The Dell, described by one writer as ‘a lovely dell with a gurgling stream and lofty aspens’ was in a valley north of Southampton Central Station and the land was bought from the railway.

The Mayor kicks off the first match at The Dell

Built at a cost of £10,000, The Dell was opened in 1898 with a match against Brighton United in which the home team ran out 4-1 victors with the opening goal coming from Scottish inside forward Watty Keay.

Watty Keay. First Dell goalscorer.

Keay had been lured away from Derby County, where he lined up regularly alongside Steve Bloomer, and would spend five years at the Saints before retiring in 1900 and being presented with a pocket watch for his sterling service.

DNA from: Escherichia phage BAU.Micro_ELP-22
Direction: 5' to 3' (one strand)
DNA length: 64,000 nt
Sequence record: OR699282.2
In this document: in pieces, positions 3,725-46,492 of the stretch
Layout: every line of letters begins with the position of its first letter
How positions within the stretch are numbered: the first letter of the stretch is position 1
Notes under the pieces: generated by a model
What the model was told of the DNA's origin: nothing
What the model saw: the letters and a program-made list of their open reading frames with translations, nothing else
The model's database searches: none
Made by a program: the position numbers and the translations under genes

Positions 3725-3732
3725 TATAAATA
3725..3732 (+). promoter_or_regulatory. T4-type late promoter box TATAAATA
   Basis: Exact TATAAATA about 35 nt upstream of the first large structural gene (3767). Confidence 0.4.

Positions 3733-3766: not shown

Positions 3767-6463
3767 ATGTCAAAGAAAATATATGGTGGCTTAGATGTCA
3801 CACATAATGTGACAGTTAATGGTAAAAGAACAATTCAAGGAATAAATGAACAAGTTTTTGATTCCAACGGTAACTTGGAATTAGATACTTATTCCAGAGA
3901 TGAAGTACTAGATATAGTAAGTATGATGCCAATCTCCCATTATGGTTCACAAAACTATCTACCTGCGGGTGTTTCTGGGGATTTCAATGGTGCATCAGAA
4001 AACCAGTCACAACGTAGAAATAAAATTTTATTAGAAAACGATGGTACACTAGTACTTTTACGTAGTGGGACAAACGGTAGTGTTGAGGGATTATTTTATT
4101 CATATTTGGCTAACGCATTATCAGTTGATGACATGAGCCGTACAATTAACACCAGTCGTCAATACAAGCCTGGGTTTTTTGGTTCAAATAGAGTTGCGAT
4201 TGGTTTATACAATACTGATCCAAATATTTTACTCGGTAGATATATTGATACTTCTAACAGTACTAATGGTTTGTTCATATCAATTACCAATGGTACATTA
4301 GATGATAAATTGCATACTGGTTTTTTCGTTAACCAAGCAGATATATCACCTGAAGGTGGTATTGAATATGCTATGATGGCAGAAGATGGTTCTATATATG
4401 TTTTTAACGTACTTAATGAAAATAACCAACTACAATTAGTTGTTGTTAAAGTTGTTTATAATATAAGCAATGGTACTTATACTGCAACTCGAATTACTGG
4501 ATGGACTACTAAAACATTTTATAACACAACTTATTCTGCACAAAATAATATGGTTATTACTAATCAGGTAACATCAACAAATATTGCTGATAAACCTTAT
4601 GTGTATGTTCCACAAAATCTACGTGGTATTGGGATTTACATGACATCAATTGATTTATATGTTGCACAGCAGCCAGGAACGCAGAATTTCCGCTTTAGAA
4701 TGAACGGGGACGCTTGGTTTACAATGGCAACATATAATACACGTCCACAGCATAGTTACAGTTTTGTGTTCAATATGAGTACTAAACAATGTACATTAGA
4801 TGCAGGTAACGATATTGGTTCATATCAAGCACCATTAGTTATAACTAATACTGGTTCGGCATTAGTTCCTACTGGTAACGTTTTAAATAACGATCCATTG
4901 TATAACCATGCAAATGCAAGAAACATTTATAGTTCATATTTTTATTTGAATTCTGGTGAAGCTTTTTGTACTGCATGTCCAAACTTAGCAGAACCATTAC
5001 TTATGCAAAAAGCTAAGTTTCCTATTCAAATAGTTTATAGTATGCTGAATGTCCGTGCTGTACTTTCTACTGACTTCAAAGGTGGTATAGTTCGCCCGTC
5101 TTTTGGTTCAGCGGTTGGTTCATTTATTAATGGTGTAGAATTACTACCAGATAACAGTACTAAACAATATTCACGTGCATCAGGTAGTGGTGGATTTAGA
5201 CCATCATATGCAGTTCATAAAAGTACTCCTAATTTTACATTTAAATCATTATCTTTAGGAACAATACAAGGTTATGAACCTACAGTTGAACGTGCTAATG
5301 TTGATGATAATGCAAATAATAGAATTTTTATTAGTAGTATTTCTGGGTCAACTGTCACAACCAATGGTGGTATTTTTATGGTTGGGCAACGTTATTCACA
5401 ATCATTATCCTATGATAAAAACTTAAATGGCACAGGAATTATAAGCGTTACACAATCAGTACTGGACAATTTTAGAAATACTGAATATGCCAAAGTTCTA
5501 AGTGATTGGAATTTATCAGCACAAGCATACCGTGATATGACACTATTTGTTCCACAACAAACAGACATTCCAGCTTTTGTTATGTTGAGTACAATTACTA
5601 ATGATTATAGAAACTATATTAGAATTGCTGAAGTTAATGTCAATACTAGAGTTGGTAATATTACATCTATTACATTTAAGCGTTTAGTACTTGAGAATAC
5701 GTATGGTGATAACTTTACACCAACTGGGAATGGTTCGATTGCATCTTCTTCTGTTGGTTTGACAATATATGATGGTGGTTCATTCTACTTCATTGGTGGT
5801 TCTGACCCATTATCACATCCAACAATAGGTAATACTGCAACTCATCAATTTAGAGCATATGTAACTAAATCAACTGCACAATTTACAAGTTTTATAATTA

It was so highly thought of that it was chosen to stage an international between England and Ireland in 1901. Funds to build the ground had to be borrowed so the club were effectively tenants until finally raising the money to purchase the freehold early in the 20th century.

Members of the Argentina – Uruguay tour party

In 1904, Southern League Champions for the sixth time in the season just ended, ventured on a 17-day tour to Argentina and Uruguay, the first British professional team to do so. They played a total of six matches against local opposition, winning all and scoring a total of 40 goals.

The team continued competing in the Southern League until, after the end of World War One, they were invited to join the Football League in the newly added Third Division which soon became the Third Division (South). By 1921-22 they were a Second Division side, having finished as champions. They would remain in the secon flight for 31 years.